Agriculture Commissioner Nikki Fried gathered abortion-rights supporters on July 1, 2022, at the Florida Supreme Court, which will rule in a challenge to Florida’s new 15-week abortion ban. Credit: Michael Moline
Democratic gubernatorial candidate Nikki Fried wants primary voters worried about the loss of abortion rights to remember that her opponent, Charlie Crist, named three of the justices of the Florida Supreme Court, which will decide whether they keep those rights.
Fried, who serves as commissioner of Agriculture and Consumer Services and is the only Democrat holding statewide elected office, gathered several dozen people at the front steps of the court to press that point on Friday, the day Florida’s new 15-week abortion ban took effect.
“The top line is: Go vote. The Supreme Court of Florida will have the ultimate decision on HB 5 and, unfortunately, we have a very conservative court right now. Two justices that were appointed by Charlie and the rest by Ron,” Fried said. (She referred, of course, to Gov. Ron DeSantis,)
“And, unfortunately, it’s become extremely conservative compared to the last time they ruled on an abortion issue.”
In fact, Crist, a former Republican governor and now a Democratic congressman, appointed three justices who are still on the court. They are Charles Canady, Ricky Polston, and Jorge Labarga.
DeSantis has appointed John Muñiz, now chief justice, plus John Couriel and Jamie Grosshans. Rick Scott named Alan Lawson, who’s retiring on Aug. 31.
“It literally is one of the most important decision that a president or a governor has is their appointment of judges, because it has lasting impact way after their terms,” Fried said. “Seeing today the impact of justices that were appointed way, you know, by presidents a long ago and unfortunately they’re having drastic impacts on our freedoms today.”
This week, Crist promised to veto any legislation restricting abortion rights and to sign an exectutive order “protecting women’s reproductive freedoms on day one.”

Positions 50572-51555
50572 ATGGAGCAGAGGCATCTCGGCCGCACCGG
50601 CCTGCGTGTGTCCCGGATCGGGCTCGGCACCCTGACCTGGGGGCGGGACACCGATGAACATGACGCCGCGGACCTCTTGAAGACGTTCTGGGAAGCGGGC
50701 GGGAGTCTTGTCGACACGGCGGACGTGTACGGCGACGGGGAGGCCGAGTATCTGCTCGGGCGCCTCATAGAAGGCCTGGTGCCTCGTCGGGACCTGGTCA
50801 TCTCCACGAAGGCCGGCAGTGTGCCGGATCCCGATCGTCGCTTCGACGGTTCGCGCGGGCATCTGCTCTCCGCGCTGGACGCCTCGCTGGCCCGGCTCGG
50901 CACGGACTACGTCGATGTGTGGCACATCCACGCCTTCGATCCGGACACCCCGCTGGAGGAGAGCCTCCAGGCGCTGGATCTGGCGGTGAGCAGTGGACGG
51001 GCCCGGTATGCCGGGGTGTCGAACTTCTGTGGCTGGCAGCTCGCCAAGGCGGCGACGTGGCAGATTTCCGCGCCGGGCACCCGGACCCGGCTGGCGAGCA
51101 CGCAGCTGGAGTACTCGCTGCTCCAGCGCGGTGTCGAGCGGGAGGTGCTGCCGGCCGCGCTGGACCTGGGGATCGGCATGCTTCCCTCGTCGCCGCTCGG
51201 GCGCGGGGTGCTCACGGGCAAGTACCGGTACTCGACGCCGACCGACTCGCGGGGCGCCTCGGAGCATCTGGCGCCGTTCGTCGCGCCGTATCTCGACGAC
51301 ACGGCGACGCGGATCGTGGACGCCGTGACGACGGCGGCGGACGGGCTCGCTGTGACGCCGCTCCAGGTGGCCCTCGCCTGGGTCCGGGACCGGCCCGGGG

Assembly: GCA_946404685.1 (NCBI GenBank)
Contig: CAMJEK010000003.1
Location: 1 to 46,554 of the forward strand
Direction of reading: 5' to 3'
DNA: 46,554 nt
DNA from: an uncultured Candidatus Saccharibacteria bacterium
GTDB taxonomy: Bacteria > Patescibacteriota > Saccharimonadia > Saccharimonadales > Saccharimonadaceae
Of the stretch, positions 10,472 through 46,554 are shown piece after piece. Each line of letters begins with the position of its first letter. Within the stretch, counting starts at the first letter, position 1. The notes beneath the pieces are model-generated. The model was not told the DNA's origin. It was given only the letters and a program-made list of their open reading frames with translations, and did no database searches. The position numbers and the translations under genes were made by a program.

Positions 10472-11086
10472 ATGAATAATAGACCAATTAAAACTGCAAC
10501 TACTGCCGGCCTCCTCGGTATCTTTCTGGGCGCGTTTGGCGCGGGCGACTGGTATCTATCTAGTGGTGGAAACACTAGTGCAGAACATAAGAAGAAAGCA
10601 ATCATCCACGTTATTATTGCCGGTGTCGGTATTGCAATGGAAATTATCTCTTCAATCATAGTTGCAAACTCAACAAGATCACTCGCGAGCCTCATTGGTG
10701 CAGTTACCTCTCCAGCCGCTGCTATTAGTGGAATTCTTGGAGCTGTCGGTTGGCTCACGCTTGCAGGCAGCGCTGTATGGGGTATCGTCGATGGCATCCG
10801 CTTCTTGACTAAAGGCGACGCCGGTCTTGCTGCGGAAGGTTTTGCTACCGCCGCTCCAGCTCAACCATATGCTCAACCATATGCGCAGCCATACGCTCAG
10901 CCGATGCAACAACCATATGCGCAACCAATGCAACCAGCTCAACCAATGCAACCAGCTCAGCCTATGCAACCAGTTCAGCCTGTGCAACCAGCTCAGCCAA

Circuit Judge John Cooper in Leon County announced on Thursday that he would enjoin enforcement of the abortion law, HB 5, on the ground that it violates the privacy rights that state voters enshrined in the Florida Constitution in 1980. The ruling won’t take effect until Cooper signs a written order, possibly as soon as Tuesday.
The law forbids abortions past 15 weeks’ gestational age unless a pregnancy endangers the health of the mother or in cases of fatal fetal abnormality, with no exception for rape and incest.
One week ago to the day, the U.S. Supreme Court overruled the 1973 Roe v. Wade ruling, ending federal protections for abortion rights and throwing the matter to the states.
The Florida Supreme Court ruled in 1989 and on other occasions that the privacy provision protects the right to abortion. In 2012, the voters handily rejected the Legislature’s proposed constitutional amendment to nullify that ruling.
But the DeSantis court is much more conservative than that court and has demonstrated its willingness to overthrow precedents.
“I will never give up hope, but I’m also pragmatic, and so that’s why we’re here today. That’s why we’re going to continue to fight and make sure that the citizens of Florida understand the ramifications of decisions that were made by Ron DeSantis and Charlie Crist about who got appointed to the Florida Supreme Court and what our next steps are going to be,” Fried said.
“We cannot wait; we cannot be on defense; we’ve got to be on offense. Which is why it’s so important to be voting in this election; that’s why it’s so important that you have an ally in the governor’s office to veto any pieces of legislation that are going to continue to infringe upon these rights and to use the governor’s office to show support and power to get a constitutional amendment that goes further than that right to privacy that’s before the Florida Supreme Court.”
Correction: An earlier version of this story misreported the name of the governor who appointed Justice Jorge Labarga. It was Charlie Crist.
Our stories may be republished online or in print under Creative Commons license CC BY-NC-ND 4.0. We ask that you edit only for style or to shorten, provide proper attribution and link to our web site. Please see our republishing guidelines for use of photos and graphics.